I have an AMD Radeon HD 7970 card. The specs say that it has 32 compute units of size 32 each. When I query the CL_DEVICE_MAX_WORK_GROUP_SIZE value it indeed returns 32.

Recently, I was troubleshooting performance on a kernel I wrote using CodeXL from AMD. On one of the screens it said that the device is not fully utilized and also that the device limit for the maximum workgroup size is 256. I then queried the CL_KERNEL_WORK_GROUP_SIZE value and indeed it said 256.

I then increased the work group size from 32 to 256 when calling clEnqueueNDRangeKernel and it now runs about 4 times faster than before.

I don’t understand this. If the device is physically limited to 32 then how can it execute 256 work items?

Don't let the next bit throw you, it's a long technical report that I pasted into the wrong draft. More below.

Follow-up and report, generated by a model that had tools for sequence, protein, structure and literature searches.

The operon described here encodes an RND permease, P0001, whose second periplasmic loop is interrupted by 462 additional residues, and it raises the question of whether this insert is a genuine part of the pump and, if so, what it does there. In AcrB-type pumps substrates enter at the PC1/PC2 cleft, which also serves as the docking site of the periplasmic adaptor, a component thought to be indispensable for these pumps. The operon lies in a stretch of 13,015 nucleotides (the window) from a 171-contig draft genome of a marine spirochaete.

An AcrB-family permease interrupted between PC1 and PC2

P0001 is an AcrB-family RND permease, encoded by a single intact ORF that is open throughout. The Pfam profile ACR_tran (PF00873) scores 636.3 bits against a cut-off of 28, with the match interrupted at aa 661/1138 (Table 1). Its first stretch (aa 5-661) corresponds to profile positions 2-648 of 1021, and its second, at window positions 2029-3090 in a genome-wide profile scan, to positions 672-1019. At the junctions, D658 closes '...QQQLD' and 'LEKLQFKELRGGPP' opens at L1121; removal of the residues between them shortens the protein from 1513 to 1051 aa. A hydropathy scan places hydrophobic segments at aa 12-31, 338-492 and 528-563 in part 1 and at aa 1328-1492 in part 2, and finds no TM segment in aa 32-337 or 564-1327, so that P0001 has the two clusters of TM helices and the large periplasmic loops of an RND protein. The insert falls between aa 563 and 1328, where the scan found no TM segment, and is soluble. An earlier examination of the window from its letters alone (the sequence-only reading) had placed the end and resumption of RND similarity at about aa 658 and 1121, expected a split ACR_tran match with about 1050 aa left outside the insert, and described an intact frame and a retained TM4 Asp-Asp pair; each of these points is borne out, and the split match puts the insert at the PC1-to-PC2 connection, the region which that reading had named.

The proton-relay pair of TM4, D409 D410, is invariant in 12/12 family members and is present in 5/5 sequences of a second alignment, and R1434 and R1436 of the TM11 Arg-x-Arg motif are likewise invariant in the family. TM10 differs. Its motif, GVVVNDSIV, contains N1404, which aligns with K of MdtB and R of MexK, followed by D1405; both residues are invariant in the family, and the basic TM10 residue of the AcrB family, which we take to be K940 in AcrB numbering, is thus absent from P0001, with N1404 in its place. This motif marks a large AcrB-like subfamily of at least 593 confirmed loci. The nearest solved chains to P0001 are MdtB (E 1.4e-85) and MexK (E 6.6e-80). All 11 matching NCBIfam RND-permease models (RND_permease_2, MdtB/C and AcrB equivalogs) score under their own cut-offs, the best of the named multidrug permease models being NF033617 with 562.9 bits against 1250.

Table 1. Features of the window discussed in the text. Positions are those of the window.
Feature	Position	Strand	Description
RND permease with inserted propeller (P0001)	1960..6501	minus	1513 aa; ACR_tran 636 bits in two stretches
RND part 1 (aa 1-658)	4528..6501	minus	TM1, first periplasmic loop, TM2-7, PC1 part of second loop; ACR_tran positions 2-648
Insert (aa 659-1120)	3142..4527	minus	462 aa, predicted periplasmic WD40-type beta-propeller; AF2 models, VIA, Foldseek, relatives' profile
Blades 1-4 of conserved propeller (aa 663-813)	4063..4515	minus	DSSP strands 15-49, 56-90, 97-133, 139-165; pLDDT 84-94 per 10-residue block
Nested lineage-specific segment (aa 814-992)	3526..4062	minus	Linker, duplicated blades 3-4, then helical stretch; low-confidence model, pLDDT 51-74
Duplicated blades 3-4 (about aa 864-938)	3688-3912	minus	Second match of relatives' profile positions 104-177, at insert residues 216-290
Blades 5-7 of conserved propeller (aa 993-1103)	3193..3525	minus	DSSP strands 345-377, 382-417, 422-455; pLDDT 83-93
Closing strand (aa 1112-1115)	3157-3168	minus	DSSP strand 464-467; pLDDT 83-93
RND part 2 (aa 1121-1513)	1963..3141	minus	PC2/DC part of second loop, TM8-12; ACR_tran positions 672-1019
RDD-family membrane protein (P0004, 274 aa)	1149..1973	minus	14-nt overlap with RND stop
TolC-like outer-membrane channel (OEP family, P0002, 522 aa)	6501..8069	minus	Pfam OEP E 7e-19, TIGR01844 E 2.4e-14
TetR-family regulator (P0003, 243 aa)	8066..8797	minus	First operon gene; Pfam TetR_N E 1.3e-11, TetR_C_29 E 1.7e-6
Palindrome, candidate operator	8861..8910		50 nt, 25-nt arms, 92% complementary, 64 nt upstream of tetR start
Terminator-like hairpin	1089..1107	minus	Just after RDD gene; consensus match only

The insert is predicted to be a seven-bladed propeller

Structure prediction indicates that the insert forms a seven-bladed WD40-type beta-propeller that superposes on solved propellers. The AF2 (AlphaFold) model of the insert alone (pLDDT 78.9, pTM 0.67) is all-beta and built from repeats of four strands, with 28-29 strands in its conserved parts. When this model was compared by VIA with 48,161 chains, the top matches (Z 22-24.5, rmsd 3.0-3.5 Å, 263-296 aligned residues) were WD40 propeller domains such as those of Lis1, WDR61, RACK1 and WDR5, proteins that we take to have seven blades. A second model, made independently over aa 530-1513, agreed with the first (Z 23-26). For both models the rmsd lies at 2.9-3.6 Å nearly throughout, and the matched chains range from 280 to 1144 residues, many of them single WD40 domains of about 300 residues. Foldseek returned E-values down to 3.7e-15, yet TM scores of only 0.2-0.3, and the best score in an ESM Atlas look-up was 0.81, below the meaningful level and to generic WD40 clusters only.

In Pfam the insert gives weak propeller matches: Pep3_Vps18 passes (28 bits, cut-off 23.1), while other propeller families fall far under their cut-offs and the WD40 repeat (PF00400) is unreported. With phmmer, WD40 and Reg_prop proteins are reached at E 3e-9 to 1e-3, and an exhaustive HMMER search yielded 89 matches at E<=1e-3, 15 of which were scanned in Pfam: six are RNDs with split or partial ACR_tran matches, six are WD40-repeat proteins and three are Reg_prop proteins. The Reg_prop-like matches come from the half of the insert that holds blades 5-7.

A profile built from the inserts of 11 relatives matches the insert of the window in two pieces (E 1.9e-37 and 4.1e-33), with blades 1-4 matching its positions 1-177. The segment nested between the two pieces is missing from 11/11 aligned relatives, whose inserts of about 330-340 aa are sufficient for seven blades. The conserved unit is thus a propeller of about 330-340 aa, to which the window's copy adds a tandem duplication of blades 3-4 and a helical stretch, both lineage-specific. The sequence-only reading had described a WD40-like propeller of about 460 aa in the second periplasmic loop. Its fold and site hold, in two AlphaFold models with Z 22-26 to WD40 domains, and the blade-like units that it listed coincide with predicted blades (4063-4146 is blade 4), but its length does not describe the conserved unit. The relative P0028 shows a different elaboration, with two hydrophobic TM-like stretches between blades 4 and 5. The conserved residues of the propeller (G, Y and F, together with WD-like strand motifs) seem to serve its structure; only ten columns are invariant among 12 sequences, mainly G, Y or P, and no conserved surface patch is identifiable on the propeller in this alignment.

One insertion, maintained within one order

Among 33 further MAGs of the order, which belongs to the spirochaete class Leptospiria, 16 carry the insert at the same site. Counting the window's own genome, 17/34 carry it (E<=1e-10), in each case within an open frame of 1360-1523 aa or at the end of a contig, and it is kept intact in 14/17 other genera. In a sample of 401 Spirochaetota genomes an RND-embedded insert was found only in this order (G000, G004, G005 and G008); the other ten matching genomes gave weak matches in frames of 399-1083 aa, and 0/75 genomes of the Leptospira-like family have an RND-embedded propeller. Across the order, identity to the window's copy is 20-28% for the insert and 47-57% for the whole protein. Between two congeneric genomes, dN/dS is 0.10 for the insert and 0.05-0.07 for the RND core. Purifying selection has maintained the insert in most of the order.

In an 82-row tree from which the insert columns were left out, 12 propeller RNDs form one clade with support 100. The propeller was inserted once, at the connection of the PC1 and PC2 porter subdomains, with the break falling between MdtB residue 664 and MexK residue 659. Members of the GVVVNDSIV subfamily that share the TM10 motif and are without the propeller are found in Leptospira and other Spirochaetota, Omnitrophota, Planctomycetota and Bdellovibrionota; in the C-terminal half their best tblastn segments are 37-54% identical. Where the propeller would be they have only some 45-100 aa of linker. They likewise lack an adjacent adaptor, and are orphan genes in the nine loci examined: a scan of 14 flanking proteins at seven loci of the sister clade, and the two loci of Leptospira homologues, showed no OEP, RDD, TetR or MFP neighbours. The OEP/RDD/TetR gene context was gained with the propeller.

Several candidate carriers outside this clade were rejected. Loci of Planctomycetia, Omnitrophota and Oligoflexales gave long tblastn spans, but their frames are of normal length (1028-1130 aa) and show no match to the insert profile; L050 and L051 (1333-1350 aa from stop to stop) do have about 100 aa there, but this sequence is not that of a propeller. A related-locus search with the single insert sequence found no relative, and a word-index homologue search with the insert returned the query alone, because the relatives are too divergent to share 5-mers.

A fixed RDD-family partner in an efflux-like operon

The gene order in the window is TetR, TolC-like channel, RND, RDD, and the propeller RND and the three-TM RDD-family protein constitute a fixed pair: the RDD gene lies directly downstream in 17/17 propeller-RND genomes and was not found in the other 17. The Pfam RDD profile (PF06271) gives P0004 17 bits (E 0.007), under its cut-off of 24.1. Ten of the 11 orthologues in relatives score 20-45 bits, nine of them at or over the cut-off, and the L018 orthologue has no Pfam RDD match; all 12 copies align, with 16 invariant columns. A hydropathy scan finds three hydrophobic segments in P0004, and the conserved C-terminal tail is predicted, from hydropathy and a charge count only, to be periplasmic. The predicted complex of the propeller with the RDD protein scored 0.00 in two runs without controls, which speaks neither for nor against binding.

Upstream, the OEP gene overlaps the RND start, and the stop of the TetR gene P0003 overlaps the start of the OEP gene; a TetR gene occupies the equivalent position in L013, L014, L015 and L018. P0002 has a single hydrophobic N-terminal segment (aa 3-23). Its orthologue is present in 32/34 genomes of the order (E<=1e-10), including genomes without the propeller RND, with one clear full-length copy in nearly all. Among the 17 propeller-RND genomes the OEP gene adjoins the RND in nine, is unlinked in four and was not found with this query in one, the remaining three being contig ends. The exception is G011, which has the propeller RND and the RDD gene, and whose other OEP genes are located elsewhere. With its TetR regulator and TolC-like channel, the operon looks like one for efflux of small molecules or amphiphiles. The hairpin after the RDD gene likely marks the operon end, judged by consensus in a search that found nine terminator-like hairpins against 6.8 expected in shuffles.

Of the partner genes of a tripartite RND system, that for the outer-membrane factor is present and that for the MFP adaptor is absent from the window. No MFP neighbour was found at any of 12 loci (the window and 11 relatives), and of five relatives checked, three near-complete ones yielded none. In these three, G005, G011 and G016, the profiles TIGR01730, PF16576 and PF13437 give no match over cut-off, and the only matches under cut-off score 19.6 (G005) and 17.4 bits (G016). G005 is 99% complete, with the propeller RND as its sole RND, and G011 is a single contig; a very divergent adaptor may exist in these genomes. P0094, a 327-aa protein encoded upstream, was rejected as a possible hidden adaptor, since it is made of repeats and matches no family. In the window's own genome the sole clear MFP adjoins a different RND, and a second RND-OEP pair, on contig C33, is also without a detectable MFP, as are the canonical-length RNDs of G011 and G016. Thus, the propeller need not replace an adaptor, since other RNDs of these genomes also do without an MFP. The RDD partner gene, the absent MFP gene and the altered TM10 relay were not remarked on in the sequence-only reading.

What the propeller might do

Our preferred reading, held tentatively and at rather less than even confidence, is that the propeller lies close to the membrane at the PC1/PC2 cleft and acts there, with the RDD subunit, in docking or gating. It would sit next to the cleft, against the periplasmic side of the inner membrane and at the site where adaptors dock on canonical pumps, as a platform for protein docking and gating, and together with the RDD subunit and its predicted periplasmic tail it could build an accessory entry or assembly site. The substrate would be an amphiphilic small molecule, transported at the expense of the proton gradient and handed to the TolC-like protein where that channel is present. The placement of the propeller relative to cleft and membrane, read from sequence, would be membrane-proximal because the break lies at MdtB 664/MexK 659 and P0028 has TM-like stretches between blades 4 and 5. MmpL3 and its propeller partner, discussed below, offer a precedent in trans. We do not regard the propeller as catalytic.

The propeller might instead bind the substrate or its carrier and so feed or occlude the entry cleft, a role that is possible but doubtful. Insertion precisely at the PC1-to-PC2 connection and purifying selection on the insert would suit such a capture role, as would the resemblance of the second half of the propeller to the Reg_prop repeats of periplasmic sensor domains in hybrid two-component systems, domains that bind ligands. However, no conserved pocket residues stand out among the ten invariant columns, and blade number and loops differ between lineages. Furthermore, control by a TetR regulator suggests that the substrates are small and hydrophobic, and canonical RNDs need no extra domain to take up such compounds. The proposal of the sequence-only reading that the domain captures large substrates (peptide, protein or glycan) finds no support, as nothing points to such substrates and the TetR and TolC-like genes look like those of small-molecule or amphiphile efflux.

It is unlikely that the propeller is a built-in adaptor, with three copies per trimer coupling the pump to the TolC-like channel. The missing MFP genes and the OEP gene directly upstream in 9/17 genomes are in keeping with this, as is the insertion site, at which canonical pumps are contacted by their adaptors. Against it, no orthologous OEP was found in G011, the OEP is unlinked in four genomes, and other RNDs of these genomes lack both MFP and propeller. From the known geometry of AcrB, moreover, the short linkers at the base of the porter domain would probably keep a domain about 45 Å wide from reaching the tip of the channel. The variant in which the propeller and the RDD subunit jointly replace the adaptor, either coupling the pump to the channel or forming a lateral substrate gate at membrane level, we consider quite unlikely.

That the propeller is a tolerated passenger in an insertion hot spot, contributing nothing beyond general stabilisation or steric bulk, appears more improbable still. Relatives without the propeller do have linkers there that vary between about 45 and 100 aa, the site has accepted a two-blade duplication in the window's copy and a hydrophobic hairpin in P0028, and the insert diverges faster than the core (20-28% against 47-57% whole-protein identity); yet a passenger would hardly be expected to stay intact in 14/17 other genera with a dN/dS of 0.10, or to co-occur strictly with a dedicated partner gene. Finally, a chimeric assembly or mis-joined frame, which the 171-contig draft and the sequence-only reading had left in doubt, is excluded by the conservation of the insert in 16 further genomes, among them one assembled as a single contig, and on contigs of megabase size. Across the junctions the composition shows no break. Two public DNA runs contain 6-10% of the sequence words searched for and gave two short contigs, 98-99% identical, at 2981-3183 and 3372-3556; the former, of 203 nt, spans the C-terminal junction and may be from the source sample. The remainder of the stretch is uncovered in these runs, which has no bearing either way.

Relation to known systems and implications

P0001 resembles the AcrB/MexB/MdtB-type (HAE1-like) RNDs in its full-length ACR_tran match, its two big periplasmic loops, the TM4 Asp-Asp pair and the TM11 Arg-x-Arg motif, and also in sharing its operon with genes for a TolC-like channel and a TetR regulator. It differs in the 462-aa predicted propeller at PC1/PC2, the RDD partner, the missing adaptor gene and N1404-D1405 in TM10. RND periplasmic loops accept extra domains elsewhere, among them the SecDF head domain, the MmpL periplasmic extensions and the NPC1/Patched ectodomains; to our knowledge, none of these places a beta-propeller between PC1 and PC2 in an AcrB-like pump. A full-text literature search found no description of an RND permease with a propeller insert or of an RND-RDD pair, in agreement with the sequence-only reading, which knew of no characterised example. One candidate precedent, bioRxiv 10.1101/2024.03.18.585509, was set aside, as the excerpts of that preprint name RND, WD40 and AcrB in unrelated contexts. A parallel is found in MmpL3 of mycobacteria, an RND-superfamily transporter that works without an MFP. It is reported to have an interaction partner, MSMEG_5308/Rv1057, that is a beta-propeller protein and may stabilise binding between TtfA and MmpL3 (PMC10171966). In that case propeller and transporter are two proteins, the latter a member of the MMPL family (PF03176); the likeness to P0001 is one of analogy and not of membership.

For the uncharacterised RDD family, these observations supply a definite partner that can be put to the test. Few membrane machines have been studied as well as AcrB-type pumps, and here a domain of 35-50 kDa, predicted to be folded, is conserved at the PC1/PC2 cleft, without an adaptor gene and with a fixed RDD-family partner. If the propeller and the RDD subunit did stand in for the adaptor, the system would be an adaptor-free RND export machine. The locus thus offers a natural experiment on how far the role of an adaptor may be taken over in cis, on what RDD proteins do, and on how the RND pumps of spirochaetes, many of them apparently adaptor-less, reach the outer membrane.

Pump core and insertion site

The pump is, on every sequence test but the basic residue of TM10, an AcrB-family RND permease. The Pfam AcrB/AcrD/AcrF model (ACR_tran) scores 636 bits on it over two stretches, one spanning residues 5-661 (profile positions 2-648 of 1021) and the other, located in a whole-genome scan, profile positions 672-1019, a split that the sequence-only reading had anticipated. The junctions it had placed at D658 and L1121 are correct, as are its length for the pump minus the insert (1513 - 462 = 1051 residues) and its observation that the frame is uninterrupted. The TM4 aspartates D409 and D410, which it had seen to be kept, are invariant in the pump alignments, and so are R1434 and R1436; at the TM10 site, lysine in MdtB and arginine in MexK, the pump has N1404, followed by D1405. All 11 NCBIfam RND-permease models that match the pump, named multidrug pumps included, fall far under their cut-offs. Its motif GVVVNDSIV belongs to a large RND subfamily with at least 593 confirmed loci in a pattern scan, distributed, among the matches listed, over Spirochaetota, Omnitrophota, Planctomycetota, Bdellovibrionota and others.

From what I have seen, CL_DEVICE_MAX_WORK_GROUP_SIZE is 256 on a HD7970.

HD 7970 (codename “Tahiti”) has 32 CUs, each has 4 SIMD units. The SIMD unit is 16 ALUs wide, however the “logical” size of this SIMD is 64 workitems - the same decoded instruction executes for 4 cycles. (the explanation why the architecture is built this way is long…).

The meaning is that you should work with workgroup size which is a multiplication of 64 - 64, 128, 256, etc. Basically, it could do more (512, 1024) but was limited due to other reasons. Any non-64-multiplication will lead to under-utilization of the SIMD.
It looks weird to me that the value you got for CL_DEVICE_MAX_WORK_GROUP_SIZE was 32 - maybe you read a different field by mistake ?

If you want to read on this architecture, I recommend looking for articles/presentations which talk on GCN. (Tahiti was the first GCN Based GPU)